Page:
Food and Telehealth – a pandemic outcome connecting more people to healthy food

Regular access to healthcare is an important part of maintaining overall health. But – it really goes further than that. Our physicians and other healthcare providers are in a sense like family. We trust them with information that help us live our best lives. No one else in the world has the same relationship as a doctor with their patient. Nothing can really replace that one-on-one, face-to-face time we have with them.

Enter the coronavirus pandemic of 2020. The impact of the pandemic on all types of in person interactions is still very fresh in our minds. State shutdowns of all non-essential businesses. All non-emergency care suspended at hospitals and physician offices. People out of work. Food insecurity rates higher than we have seen in more than 10 years. It is something we are still living with today despite a vaccine being available, and the full impact has still not been realized.

These challenges presented an opportunity – and a necessity – for medical and social services to change the way they did business with customers and patients almost overnight. In a matter of days, food banks and food pantries across the US figured out how to distribute food in a fully touchless, socially distanced way. Similarly, during the last week of March 2020 after many US states were on lockdown, telehealth visits increased 154% compared to that same week of March 2019. Many of us have become experts at interacting virtually – be it with our doctors, employers, or family and friends.

Mid-Ohio Farmacy is an initiative between Mid-Ohio Food Collective and healthcare providers to connect patients and their households to the food they need to best manage their health and live an active and healthy life. Traditionally in this partnership, healthcare providers screen for food insecurity during the patient’s in person office visit and each patient is given a physical ‘loyalty card’ with a unique identifier that is used in the Farmacy program. The temporary closure of provider offices as a result of the pandemic halted screening and enrollment into the Mid-Ohio Farmacy program at some of our partner clinics at a time when food insecurity screening and regular access to healthy food was more important than ever.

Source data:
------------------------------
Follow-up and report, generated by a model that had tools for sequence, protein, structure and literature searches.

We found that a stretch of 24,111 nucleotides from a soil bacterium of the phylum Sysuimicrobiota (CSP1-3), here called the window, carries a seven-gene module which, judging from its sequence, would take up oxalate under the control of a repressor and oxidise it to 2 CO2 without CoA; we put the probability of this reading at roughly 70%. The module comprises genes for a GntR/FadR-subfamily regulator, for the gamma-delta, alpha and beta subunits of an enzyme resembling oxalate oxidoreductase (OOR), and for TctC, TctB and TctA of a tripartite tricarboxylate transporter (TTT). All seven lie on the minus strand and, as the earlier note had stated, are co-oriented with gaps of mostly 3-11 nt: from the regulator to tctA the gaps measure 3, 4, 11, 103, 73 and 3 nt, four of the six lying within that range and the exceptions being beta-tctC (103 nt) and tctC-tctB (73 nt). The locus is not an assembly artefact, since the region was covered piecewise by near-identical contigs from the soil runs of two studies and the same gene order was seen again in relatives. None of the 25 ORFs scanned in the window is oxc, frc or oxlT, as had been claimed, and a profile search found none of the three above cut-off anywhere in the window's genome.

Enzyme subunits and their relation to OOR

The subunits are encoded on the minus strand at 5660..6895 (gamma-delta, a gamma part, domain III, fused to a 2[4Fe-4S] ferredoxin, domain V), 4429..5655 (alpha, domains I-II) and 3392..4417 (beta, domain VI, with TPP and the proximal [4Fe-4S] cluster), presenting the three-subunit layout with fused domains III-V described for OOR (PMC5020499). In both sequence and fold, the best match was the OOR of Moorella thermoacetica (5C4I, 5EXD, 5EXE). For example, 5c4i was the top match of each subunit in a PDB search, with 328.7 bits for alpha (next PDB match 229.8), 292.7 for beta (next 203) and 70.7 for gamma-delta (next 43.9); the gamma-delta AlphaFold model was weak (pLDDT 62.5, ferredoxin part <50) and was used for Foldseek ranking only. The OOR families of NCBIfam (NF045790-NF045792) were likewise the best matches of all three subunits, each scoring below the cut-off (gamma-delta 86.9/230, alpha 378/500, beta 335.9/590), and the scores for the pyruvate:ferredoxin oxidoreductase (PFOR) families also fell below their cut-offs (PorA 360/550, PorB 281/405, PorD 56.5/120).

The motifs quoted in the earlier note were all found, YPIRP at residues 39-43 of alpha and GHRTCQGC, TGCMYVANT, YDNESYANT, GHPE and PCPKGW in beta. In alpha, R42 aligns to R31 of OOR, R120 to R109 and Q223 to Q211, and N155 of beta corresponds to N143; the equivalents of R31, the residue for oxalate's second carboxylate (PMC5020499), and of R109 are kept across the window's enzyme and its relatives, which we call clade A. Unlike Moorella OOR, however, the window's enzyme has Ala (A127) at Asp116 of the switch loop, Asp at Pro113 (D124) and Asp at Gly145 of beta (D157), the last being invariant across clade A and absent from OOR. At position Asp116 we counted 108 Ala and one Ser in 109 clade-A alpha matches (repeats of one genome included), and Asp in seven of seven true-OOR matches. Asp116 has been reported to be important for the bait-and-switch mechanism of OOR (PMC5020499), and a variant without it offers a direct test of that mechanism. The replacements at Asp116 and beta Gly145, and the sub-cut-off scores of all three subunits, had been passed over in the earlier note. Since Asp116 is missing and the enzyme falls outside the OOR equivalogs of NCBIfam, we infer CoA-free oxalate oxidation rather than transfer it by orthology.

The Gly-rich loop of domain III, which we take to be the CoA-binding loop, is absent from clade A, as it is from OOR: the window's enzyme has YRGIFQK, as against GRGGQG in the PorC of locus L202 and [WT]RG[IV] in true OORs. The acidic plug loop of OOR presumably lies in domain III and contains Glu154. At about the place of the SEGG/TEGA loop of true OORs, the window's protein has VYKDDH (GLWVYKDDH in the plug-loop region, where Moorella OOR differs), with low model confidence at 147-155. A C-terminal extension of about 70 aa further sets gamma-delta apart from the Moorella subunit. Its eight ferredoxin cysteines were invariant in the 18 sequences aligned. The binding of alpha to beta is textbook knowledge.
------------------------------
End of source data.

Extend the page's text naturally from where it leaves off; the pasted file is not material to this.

The Mid-Ohio Farmacy team had been discussing remote enrollment into the Farmacy program via a telehealth for some time. The pandemic reprioritized our efforts, and by ‘turning on a dime’, providers at one of our partner health systems are now able to screen and enroll food insecure patients during a telehealth visit. In this process, patients see their provider via a video platform. The provider proceeds as normal, screening the patient for food insecurity and documenting the result. However, now if a patient screens as food insecure, the provider can generate and document the patient’s unique Farmacy ID number from a pre-determined set of numbers, and the patient’s loyalty card with their corresponding ID is mailed to their home following their visit. The healthcare provider has shifted all referrals to this method in order to streamline their work, and thus far nearly 300 patients have been screened and enrolled via telemedicine since September 2020. This method is in ‘proof of concept’ phase right now, but as virtual visits with medical providers continue, we hope to be able to do this with other Farmacy partnering healthcare providers.

Remote enrollment into the Farmacy program via telemedicine definitely has some advantages. It allows for continuity of care for patients during times when we cannot meet in person. It also allows for increased access for patients that do not have access to transportation but do have access to a smartphone or other technology to reach their medical provider. This is particularly important as we think about rural access to healthcare. At the same time, there are also limitations to remote enrollment into Farmacy. Access to the internet is a challenge in many areas due to cost and access to appropriate internet speeds. Additionally, with all of the tech advances we have seen during the pandemic, nothing replaces that in-person interaction with your doctor. Taken together, we hope this advancement allows for more people to access healthy food on a regular basis to help break the cycle of food insecurity and chronic disease.